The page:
How to get the right small business licenses for your business
Many business owners aren’t sure where to start when it comes to which small business license they need. Find out what licenses or permits you may need, complete with steps to guide you through the process.
Small businesses might need a license to operate
Whether it’s your first exciting venture or your next entrepreneurial adventure, no matter what type of tech business you own, you’ll probably need a small business license. And depending on your business location and the products or services you offer, your state or local government may require special permits too.
No matter if you’re operating as a sole proprietorship, a limited liability company (LLC), or some other business entity, you must be properly licensed to legally operate.
Here’s your guide to learn what licenses or permits you might need, plus practical tips for making the application process as painless as possible.
Who needs a small business license?
Unlike small businesses in industries like transportation, broadcasting, or alcoholic beverages, a technology company probably won’t need a federal business license. But Uncle Sam isn’t the only player in the licensing business.
State, county, and city governments have their own licensing requirements and fees.
Typically, states require businesses to maintain some sort of business license. Some states issue business licenses directly, yet most licensing is done at the local level. Even home-based businesses may require a business license.
Governments require business licenses as a way to track companies and generate revenue through fees. However, having a business license also has its benefits. For example, a license can make it easier to open a business bank account or obtain a business loan.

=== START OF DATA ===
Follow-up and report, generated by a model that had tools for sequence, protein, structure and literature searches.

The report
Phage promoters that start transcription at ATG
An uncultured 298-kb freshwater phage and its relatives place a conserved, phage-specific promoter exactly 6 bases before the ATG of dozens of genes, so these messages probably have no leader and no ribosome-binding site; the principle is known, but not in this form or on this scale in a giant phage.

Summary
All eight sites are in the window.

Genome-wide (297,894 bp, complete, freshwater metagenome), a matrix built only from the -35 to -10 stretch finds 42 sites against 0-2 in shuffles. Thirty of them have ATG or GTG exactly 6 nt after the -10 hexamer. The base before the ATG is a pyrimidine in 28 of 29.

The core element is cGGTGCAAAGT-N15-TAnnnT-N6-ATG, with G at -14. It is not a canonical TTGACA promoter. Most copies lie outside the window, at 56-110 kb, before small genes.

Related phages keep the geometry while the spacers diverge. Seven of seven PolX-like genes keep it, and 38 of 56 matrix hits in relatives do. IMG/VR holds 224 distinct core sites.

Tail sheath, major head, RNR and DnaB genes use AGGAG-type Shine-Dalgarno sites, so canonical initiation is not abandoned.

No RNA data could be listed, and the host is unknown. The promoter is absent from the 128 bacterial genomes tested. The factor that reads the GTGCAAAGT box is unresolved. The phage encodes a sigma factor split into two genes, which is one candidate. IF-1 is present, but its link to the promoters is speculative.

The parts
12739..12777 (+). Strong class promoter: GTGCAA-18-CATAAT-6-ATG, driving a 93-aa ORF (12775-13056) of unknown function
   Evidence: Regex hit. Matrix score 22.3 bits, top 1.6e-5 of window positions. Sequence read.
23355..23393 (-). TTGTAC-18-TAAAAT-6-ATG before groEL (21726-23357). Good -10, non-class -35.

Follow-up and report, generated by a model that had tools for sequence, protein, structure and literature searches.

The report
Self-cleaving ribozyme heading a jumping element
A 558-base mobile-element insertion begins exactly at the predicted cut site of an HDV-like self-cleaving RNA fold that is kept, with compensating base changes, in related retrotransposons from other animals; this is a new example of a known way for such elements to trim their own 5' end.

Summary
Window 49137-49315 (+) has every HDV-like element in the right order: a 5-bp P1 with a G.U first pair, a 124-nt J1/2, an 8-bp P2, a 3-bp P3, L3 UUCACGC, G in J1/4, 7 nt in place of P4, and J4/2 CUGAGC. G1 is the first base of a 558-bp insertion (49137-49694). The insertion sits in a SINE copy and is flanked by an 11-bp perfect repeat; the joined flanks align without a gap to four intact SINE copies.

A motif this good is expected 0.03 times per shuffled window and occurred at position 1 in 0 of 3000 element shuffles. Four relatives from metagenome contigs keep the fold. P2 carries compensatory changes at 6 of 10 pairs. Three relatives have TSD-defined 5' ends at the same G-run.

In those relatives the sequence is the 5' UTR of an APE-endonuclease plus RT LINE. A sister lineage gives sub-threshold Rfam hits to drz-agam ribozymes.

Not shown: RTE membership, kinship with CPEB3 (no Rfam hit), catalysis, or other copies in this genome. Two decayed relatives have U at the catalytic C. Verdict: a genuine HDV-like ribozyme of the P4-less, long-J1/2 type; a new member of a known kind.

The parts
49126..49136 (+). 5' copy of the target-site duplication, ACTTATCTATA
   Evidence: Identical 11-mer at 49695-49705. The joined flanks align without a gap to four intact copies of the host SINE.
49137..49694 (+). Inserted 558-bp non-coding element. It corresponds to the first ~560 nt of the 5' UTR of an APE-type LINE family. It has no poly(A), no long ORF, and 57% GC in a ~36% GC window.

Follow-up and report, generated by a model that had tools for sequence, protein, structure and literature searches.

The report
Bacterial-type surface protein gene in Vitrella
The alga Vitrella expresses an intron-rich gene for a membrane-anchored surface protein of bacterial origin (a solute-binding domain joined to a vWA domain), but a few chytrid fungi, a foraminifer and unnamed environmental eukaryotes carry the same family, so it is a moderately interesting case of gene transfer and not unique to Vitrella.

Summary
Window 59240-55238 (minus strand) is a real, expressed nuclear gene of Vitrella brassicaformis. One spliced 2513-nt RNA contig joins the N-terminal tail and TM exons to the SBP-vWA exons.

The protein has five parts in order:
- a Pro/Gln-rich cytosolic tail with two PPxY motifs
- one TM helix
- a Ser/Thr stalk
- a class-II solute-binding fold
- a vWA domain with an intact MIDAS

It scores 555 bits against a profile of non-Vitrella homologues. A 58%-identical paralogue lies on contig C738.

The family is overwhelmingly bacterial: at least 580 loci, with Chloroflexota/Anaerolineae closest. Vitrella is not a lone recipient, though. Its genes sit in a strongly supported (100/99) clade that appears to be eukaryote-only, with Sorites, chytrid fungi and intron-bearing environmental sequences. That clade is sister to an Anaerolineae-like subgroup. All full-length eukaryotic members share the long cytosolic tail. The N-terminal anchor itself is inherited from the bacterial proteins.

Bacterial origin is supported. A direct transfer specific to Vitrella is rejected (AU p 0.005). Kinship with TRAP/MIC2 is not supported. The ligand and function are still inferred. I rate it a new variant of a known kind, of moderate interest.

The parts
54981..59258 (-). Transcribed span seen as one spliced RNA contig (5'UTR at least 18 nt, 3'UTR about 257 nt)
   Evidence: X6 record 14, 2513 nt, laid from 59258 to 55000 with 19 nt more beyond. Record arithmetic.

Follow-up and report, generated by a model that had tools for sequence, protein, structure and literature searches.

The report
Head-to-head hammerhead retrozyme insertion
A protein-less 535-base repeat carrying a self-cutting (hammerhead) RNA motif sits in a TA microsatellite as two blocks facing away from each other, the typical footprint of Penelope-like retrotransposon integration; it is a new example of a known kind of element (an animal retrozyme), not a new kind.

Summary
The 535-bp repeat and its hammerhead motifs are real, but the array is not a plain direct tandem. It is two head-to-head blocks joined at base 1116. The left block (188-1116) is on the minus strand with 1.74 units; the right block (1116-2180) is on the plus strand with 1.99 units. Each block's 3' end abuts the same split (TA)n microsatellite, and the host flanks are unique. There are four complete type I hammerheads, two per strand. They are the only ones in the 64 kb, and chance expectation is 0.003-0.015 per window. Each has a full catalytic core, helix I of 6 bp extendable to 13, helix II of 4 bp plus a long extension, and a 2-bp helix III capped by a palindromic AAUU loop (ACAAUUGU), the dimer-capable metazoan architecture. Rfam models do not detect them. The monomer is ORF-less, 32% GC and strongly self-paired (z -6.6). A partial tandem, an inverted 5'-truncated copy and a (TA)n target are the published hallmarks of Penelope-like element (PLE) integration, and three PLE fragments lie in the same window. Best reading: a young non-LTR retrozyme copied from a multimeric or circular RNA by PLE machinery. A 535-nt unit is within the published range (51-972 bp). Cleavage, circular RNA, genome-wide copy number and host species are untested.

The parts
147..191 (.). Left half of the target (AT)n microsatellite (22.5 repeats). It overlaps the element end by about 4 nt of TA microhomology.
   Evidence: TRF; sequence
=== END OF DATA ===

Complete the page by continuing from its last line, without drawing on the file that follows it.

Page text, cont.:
What kind of licenses or permits do small businesses need?
The kind of business license you'll need depends on the products or services you offer.
Your city clerk’s office is a good place to start. You might also check out your local Small Business Development Center to learn more about requirements.
Common licenses and permits include:
General business license: Your city or county may require you to get a general business license. Depending on where you live, you might also need to worry about zoning permits or your homeowner’s association’s rules on home-based businesses.
Occupational license: Also known as a professional license, many states require a license for occupations like teachers, electricians, and truck drivers. Depending on your location and your tech business, you may need this type of license too. For instance, Nebraska requires professional licensing for software engineers.
Sales tax permit: If you plan on selling tangible goods and your state collects a sales tax, you’ll need to get a sales tax license through your state comptroller tax office. You'll also need to collect and pay sales tax for online business sales in your state. For digital goods and services, rules vary from state to state. Check your state’s rules regarding sales tax for SaaS and other digital goods.
Payroll tax registration: Any business with employees must collect and pay payroll taxes like Social Security, Medicare, and unemployment. You’ll need to first register at both the federal and state level. The good news is, payroll tax registration is a fairly simple process.
Sign permits: You may need a permit to display signs on or near your place of business. And some homeowners’ associations have commercial sign restrictions for home-based businesses.
Special federal licenses or permits: Fortunately, you probably won’t need a federal license or permit for your tech business. But there’s a chance you could need a federal license if any of your business activities are in a federally regulated industry.
Insurance requirements for small businesses vary from state to state. Find out what business insurance is required by law in your state, and make sure that you, your tech business, and your employees are protected.
What to do before you apply for a business license